Thursday, 15 November 2012


I must count as a pretty boring person -- yes, I DO know that this blog is not exactly a ball of fire either -- as I admit my two favorite leisure activities are getting up & going for long walks and sitting down for long, even longer reads. Books & Boots -- that'd be my ideal B&B .... in the hills here in the Cevennes, or in the dales in Yorkshire where I  go walking with my sister, or perhaps in some hamlet in the Adirondacks where my husband and daughter and I used to spend hiking holidays. In another life, in a parallel universe, I am the proprietor of such an inn or auberge, urging my clientele to balance reading with walking and walking with reading.

Today has been the kind of November day that puts to shame everything I've said so far about this month, calling it damp and cold and not-nice (except for being a month of birthdays) ...Today has been sublime... sunny, warm, and absolutely perfect for a really good walk involving some steep paths -- a bit of sweat, good for the heart -- and some lovely meandering flat bits through pine forests after the climb is over. Thanks to my friend Peter  ( who, with  my friend Dorothy, took care of Mas Blanc during the summer while I was in Canada), I have a new stack of marked maps showing routes up in the hills within a stone's throw from where I live, and I am setting out now to time these walks so I have an idea how long they take and whether they are "snack" walks or "real lunch" walks.. Yes, food is always on your mind if you live in France, and a walk without some kind of little picnic is hardly a walk at all.

I took some photos today I'll attach at the end of this... But now, back to books...Yesterday, I went up to the nearby city of Ales to run some errands and to have coffee with the Scottish poet Sharon Black, who has become one of my very good friends here. I brought up the November Birthday issue with her -- why are there so many? -- and she solved it nicely. "Valentine's Day Evening", she said, and then also, in this part of the world, "those long cold February nights when there's nothing to do but...." So that answers that!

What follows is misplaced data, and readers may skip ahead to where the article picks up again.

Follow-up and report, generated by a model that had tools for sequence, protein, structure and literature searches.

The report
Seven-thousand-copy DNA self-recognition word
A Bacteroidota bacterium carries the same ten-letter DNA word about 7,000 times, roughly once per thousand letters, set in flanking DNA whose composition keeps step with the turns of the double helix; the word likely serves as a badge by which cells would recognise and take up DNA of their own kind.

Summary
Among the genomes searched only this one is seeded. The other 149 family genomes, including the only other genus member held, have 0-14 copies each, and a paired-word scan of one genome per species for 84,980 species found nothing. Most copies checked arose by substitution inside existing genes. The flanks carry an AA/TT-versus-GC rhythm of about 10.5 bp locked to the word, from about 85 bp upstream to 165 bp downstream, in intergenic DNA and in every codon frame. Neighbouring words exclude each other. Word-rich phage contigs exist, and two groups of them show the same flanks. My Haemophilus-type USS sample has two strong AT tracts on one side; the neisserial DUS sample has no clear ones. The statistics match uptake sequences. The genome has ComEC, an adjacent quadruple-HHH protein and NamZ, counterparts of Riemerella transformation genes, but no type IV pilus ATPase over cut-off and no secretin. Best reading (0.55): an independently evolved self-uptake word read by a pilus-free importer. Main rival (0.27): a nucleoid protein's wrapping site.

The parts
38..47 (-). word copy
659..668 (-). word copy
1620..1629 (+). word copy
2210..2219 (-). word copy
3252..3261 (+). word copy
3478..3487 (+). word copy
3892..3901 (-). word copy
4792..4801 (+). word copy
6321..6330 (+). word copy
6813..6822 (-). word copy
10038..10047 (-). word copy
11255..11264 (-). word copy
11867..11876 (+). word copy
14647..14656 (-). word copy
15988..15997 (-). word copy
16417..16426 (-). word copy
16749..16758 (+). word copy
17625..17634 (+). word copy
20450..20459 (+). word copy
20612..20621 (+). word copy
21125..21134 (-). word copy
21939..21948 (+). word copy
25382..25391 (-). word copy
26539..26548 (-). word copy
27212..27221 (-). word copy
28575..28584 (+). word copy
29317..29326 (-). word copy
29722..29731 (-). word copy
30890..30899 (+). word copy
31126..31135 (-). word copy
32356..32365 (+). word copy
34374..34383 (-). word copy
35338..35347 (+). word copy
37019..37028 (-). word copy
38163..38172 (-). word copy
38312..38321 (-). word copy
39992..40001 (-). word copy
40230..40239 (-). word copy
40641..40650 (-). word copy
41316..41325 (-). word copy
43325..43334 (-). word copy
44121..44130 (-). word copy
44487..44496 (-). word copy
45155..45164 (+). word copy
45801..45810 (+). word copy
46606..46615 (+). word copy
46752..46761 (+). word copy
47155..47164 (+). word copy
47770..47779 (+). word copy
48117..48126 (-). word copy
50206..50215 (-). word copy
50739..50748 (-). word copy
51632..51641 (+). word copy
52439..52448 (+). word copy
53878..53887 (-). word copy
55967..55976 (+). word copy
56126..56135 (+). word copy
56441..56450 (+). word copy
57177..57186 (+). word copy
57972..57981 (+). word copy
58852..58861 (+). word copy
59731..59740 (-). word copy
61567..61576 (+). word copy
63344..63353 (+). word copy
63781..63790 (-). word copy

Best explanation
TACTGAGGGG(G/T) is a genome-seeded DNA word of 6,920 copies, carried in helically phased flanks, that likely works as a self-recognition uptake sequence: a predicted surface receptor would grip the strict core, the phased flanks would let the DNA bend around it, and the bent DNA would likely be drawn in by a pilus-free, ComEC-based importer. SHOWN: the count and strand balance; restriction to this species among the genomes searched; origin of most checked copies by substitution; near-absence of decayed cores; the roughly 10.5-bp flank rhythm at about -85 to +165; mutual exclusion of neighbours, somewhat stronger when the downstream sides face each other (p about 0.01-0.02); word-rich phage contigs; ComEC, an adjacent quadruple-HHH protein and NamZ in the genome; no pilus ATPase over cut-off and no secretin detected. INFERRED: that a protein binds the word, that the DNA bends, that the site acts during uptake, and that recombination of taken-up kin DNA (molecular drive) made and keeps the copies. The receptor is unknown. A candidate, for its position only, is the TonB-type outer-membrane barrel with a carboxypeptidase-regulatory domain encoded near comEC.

Sharon published a book of poems last year (TO KNOW BEDROCK, pindroppress, London, UK) that so impressed me I have sent it to several friends, in Canada and Australia, who have responded with much admiration and delight. I recommend you visit her website, which is easily found simply by googling her name, SHARON BLACK. She's a beautiful woman and a wonderful friend, and even in my times of distress -- of which there have been many in the last two years -- Sharon always cheers me. My husband liked her enormously too, and for that reason I asked her to read Billy Collins' poem THE DEAD at the memorial afternoon we had for Bob last year, as that poem was one of his favorites. But her poems are well worth a read themselves, believe me.

Sharon and I share books back and forth and she's just given me a collection by Elizabeth Barrett  (NOT the one who married Robert Browning), and at the same time has returned one of mine she says she really loves and so I'm going to order it for her from Pedlar Press in Toronto. The collection is called  SLOW CURVE OUT, and the poet is Maureen Scott Harris, whose earlier collection DROWNING LESSONS won the Trillium Prize for poetry in 2005. Sharon and I agree completely ...these are marvellous poems. Maureen's subject matter is the natural world and she manages to bring it so close you feel you are truly part of her world. Which you are... That's the magic of it.... Easy to acquire....

More books tomorrow. And more websites to check too... For now, a few of the day's photos, to give you an idea of just how beautiful this mid-November day has been. (My friend Bob Ferguson celebrated his birthday yesterday by going to the Bob Dylan concert in that's a terrific way to acknowledge that the passage of years doesn't mean a thing....there must be an entirely appropriate line from Dylan's lyrics that could pull this to a close, what might it be? )

There would be more photos to share except that they're suddenly deciding for themselves to slot in sideways. WHY does this happen? WHO can help?

It's the way these vineleaves LOOK like wine itself that knocks me out...
You pass this vineyard on the way to the path up into the hills

These are the berries on the "arbousier" tree, known as the strawberry tree for obvious reasons... Ripe for picking, all along the path...